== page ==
Recently in the Fordham Flypaper, Michael Petrilli wrote about the practice and promise of instructional coaches. Excerpts from the piece appear below:
Whether initiated from the bottom-up or the top-down, any effort to help educators align their practice with the best evidence is going to succeed or fail on the strength of its implementation. This means building capacity and teachers’ understanding in a way that will improve instructional delivery in their classrooms. It’s also mighty difficult. Fortunately, three-fourths of all primary schools and two-thirds of all high poverty schools have a resource that’s ideal for accomplishing this: We call them instructional coaches, and recent research indicates that their work can be very effective at changing instruction and somewhat effective at improving outcomes, especially when programs are relatively small-scale.
A recent meta-analysis by Matthew Kraft and his colleagues indicates that coaching is very effective at changing instruction and somewhat effective at improving outcomes, especially when programs are relatively small-scale.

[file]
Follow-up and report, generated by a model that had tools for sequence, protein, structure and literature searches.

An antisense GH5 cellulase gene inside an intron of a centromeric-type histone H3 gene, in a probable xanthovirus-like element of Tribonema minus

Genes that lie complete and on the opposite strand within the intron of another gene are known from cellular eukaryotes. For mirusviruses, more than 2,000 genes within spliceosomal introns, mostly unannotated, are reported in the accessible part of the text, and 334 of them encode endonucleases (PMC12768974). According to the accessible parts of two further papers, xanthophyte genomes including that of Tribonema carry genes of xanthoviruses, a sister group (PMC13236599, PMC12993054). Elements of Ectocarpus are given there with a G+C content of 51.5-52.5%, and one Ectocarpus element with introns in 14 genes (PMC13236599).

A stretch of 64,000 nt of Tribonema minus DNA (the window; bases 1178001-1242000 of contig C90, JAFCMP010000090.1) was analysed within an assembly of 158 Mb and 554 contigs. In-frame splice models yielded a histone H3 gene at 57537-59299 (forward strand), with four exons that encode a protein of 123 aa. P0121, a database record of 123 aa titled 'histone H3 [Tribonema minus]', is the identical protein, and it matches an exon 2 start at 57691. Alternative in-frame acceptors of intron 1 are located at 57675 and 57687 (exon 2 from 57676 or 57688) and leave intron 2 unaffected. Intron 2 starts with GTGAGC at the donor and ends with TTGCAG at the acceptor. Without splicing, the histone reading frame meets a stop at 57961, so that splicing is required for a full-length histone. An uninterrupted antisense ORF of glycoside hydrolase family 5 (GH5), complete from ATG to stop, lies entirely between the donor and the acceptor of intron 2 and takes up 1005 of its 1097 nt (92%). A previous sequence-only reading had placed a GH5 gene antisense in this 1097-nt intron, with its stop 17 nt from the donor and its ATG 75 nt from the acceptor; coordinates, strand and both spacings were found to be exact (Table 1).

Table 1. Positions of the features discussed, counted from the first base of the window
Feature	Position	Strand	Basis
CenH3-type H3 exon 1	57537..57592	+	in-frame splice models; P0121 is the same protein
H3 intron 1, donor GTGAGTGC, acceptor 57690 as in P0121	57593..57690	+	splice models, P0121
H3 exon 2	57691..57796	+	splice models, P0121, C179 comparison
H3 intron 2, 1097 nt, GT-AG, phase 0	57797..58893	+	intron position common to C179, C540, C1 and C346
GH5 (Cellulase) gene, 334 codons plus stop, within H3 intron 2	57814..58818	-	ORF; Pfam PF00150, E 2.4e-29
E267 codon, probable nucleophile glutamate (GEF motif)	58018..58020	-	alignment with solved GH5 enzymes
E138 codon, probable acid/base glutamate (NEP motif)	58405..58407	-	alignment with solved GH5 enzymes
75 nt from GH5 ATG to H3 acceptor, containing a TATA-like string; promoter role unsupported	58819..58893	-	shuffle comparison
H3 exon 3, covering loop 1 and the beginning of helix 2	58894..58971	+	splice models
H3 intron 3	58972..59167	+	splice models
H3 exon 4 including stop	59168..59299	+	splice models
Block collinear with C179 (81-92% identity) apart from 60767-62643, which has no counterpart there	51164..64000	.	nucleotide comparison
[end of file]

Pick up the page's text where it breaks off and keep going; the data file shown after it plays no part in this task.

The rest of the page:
The coaches themselves need to be highly effective educators—both of students and of fellow teachers. Helping other instructors improve their craft takes a high degree of social and emotional skill, technical expertise, and patience. It can’t be generic, lest it will prove no more effective than conventional professional development. Coaching tied to specific, high quality curricula is probably best. And it’s not inexpensive; as Diana Quintero pointed out in a recent article for the Brookings Institution’s Brown Center, these coaches are precisely the sort of positions that have inflated the ranks of “non-teachers” working in our schools, which in turn has squeezed out other priorities, like higher teacher pay.
If deployed well, however, instructional coaches show great potential. So state and local leaders should ask themselves, when trying to implement a high quality curriculum or other evidence-based practices:
- Am I using instructional coaches effectively?
- Have we picked the best people for that role?
- Have they been properly trained on the new curriculum?
- Do they have a manageable number of teachers to work with?
- Do we have a way to collect their feedback so that we might make changes to the curriculum or program in response?